Grand Strand veterans and visitors to the area used our nation's birthday to pay tribute to those in the military who have served in Iraq and Afghanistan.
It was the third annual Welcome Home ceremony in North Myrtle Beach.
On a crowded beach under a blazing sun, patriotism was on clear display even before flag bearers representing local veterans groups arrived for the ceremony, following a march along the beach.
American Legion Post 186
member Bob Flanagan was among those who endured the heat and humidity on the beach for a chance to attend and say thank you.
"If you're proud of your country and the flag, everybody should be out here," Flanagan said.
Ceremony organizers recruited beach-goers to make a standing corridor of American flags. Volunteers included a few local veterans who know the value of a sincere welcome home.
"They sacrifice a lot," said veteran Chuck Collins of North Myrtle Beach. "It's the least we can do, is come out and show them a little bit of respect and honor."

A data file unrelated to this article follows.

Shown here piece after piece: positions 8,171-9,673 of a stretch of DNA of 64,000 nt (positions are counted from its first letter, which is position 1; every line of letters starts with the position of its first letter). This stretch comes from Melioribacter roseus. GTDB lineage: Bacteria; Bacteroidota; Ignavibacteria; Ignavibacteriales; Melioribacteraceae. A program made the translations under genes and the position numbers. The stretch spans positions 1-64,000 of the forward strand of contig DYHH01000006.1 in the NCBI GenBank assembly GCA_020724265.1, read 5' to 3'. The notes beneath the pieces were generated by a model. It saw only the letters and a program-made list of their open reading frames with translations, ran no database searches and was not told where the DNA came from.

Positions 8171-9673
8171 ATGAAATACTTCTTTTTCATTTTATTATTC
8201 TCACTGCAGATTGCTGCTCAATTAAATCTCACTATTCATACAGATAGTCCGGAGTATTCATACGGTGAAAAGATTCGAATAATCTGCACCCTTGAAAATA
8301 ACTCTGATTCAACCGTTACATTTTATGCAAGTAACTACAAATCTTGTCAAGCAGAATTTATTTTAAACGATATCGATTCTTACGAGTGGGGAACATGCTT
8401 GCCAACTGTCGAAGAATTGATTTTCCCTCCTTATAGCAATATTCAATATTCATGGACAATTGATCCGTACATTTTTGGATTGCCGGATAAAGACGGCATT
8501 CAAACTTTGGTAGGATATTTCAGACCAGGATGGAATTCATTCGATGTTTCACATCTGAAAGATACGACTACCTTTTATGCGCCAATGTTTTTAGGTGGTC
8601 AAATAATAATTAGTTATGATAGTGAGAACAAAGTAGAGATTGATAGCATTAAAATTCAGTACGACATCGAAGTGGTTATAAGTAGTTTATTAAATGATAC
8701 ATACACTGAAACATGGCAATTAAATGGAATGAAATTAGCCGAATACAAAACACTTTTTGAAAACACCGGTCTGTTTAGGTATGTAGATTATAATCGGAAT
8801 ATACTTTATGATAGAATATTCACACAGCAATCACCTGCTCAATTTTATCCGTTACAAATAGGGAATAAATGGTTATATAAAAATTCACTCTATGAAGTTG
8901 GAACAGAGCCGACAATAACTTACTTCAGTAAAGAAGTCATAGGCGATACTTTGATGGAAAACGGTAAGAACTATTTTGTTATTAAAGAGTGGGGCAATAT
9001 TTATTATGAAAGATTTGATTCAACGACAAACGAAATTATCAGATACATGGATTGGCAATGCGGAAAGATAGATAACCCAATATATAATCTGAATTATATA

Others volunteered to be flag-bearers on the spot, like 12-year-old Austin Phelps of Shelby, North Carolina.
"We know that they're saving our lives and we know that they're protecting us and I just want to say thank you and we love you all," he said.
The flag marchers' arrival at Main Street was timed to coincide with a loud and dramatic flyover salute along the beach by the Flying Tigers of the 20th Fighter Wing, stationed at Shaw Air Force Base.
Then, veterans and active duty service members joined forces for a march up the beach, and a brief ceremony on Ocean Boulevard.
It was to thank those who have already served overseas and wish Godspeed to those ready to deploy, like Col. Laura Lenderman, who participated in the ceremony at the request of her mother, who lives in Conway.
"I happened to have my uniform because I just came from training. I'm on my way over to the United Arab Emirates next Friday, for a year," said Lenderman, who is stationed at Scott Air Force Base in Illinois.
It was a fitting tribute to those who have served and others who still are serving, and to Flanagan, who served in the Korean War, it was a symbol of freedom.
"The people really believe in this country of ours."